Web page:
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WORKING IN DENMARK

Danish government sues EU over minimum wage

Denmark’s government on Wednesday brought a case requesting annulment of the EU’s minimum wage directive.

Danish government sues EU over minimum wage
Denmark will seek to have the EU's minimum wage directive annulled by the EU Court. File photo: JOHN THYS / AFP

The Danish lawsuit was confirmed by the Ministry of Employment in a press statement.

The case was expected as it was part of the policy agreement for the coalition government, signed in December. The deadline to bring the case against the EU Court in Luxembourg was Wednesday.

An annulment suit is an attempt to have the directive revoked on the grounds that it is in breach of the EU Treaty.

An EU directive on minimum wages was adopted in October last year but Denmark and Sweden are both opposed because of the established labour models in those two countries, by which wages are set through negotiations between trade unions and employers.

The EU Commission has stated that it will respect the Danish model and will not force the country to code a minimum wage into law, but the Danish government wants the directive to be removed completely.

READ ALSO: Why is Denmark opposed to an EU minimum wage law?

“It’s important to underline that the directive does not force Denmark to introduce a minimum wage,” Employment Minister Ane Halsboe-Jørgensen said in the statement.

“But despite that, this is a case of legislation without precedent, which makes it a principal case. We insist that wages must be set in Denmark and not the EU,” she said.

“The government has therefore decided that the EU Court must rule on this case,” she said.

The ministry said the process could take up to two years. The date on which the case will be taken up by the EU Court is yet to be set.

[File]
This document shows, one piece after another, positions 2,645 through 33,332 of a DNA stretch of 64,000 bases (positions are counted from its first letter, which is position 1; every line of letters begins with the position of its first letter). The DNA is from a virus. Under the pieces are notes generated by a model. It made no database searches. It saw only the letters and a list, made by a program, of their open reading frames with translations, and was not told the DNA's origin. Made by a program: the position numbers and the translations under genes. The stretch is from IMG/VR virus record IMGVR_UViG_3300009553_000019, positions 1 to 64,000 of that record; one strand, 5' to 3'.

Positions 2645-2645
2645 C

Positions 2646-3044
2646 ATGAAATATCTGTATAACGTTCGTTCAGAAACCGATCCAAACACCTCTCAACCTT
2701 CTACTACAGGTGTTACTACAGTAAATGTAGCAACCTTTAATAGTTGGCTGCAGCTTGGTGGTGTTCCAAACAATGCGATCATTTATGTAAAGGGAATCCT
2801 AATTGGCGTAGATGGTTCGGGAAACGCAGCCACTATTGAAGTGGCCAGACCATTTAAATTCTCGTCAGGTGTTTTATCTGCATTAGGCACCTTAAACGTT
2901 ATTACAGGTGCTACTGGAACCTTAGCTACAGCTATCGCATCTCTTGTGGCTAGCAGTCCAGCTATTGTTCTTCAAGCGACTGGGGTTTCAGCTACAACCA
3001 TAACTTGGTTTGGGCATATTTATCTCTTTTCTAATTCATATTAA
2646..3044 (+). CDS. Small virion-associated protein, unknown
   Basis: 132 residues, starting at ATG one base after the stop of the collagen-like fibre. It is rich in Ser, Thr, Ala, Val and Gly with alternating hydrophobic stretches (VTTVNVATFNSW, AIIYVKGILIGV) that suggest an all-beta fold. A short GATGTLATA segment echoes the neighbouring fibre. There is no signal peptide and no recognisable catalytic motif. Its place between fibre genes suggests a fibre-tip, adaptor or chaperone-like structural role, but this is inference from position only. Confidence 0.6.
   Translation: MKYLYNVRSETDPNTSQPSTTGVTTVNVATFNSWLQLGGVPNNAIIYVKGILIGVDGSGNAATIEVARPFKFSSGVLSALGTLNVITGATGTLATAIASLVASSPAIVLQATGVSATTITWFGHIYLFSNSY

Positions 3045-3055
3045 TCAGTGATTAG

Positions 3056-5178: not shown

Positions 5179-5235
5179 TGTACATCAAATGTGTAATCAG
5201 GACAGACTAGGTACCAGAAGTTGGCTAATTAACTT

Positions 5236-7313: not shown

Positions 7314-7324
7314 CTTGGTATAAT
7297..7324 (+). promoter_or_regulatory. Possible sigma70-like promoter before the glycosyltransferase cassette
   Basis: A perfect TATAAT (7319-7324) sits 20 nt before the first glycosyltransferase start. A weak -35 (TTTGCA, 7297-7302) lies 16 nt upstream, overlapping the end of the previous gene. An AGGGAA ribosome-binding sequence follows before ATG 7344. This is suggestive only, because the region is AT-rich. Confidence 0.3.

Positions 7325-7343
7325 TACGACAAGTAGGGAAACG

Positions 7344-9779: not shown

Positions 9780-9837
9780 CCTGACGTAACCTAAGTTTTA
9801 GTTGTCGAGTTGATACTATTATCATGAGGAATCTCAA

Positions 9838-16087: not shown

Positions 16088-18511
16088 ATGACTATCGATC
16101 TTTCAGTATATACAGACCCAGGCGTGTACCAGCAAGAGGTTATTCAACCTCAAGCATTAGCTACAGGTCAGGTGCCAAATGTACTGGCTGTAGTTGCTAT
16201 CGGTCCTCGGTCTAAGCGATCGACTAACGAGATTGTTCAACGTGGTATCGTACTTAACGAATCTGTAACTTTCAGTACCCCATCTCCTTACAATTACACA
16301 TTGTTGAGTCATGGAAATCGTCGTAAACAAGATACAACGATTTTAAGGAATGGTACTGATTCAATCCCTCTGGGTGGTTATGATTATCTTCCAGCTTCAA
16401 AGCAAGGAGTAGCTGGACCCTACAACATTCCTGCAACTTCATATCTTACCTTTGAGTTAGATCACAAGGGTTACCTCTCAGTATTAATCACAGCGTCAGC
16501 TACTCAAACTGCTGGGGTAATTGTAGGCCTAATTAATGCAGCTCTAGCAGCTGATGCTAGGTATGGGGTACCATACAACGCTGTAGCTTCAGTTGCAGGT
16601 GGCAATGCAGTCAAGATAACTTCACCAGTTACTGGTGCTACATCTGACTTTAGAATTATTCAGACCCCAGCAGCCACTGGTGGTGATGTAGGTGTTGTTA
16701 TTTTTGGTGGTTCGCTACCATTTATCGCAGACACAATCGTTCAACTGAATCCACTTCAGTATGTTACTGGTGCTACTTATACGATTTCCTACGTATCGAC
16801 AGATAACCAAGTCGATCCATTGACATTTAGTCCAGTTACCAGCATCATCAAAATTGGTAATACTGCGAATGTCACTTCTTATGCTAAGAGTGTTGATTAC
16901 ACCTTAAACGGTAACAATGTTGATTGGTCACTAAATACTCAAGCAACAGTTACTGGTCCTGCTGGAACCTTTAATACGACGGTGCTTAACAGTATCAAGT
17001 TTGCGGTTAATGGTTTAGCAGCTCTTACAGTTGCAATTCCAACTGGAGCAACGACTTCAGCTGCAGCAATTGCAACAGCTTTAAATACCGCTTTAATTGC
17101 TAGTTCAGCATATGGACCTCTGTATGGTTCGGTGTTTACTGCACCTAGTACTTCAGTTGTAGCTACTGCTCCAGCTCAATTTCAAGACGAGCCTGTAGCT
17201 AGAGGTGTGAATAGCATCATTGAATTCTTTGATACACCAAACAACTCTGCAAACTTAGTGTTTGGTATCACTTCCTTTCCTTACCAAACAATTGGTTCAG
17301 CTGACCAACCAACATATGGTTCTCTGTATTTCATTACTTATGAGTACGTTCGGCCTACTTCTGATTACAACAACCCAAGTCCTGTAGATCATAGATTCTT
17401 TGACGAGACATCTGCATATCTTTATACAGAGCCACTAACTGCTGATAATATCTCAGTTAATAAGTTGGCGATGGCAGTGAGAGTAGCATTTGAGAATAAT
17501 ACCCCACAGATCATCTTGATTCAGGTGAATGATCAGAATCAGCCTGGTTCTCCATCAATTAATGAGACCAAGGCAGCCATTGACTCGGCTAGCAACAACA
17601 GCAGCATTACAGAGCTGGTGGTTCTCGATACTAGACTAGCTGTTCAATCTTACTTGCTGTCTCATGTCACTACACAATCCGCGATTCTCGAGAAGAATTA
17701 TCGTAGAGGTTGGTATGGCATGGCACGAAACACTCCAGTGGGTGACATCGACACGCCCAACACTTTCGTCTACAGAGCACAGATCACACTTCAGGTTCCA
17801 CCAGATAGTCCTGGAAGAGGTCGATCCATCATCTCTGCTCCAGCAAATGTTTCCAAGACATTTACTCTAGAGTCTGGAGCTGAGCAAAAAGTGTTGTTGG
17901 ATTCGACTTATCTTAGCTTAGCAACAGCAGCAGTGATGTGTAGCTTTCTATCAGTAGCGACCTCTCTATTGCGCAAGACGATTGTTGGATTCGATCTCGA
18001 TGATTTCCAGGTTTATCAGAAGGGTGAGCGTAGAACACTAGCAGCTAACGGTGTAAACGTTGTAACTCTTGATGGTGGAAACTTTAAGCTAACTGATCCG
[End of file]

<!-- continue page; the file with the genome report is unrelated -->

The directive sets an EU-wide minimum wage. The intention is that workers are given a fair minimum wage either by law or through collective bargaining.

The directive includes a requirement for member countries to produce an action plan if collective bargaining agreements cover less than 80 percent of working terms in the relevant country.

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WORK PERMITS

Denmark issued 40 percent more non-EU work permits in 2022

Denmark issued over 21,000 work permits to non-EU nationals in 2022, an increase of over 40 percent compared to the previous year.

Denmark issued 40 percent more non-EU work permits in 2022

Preliminary figures issued by the Ministry of Immigration and Integration show that the number of work permits issued to non-EU nationals in 2022 was 21,553.

That represents an increase of more than 40 percent compared to 2021, when 15,167 permits were issued.

The number of work permits issued by Denmark has seen steady growth over the last four years, according to ministry figures.

In 2019, some 13,713 work permits were issued to non-EU citizens. The number dropped during the height of the Covid-19 pandemic to 10,333 in 2020 before rising significantly in 2021 and 2022.

For work permits issued to EU nationals under the EU’s free movement rules, the numbers tell a similar story. Numbers released by the ministry show 18,578 such permits released in 2019, falling to 15,681 in 2020.

EU nationals were given 22,080 and 25,842 Danish work permits in 2021 and 2022 respectively.

It should be noted the British nationals would be registered under the EU category in 2019 and 2020 and the non-EU category in 2021 and 2022.

READ ALSO:

“In a time with low unemployment it’s hugely positive that so many foreigners are choosing Denmark and contributing to our labour market,” Minister for Immigration and Integration Kaare Dybvad Bek said in a statement.

“That’s a huge benefit for Denmark and the Danish economy. We currently need hands in both the public and private sectors and the many people who come here through business [permit] schemes contribute to growth and better service,” he said.

“I am very pleased we are doing well on attracting labour from outside while also having rules that take good care of Danish wage earners,” he said.

Despite the growth in permits and Bek’s positive view of them, businesses have called for more to be done to increase foreign labour and there is also some demand in the opposition.

The Confederation of Danish Industry said in August that Danish businesses are finding it harder than ever to recruit staff and could hire 38,000 new workers immediately if they were available.

The Social Liberals, a centre-left opposition party, in November said it wants Denmark to increase its foreign workforce.

“It is still far too difficult for Denmark’s businesses to bring foreign labour to Denmark. There are trip wires everywhere, and we have a whole catalogue of proposals,” Social Liberal leader Martin Lidegaard said at the time.

In its coalition policy agreement, the government, formed in December, said that it would “relax access to foreign labour for as long as unemployment is low.”

READ ALSO: What do we know about Denmark’s plans to relax work permit rules?

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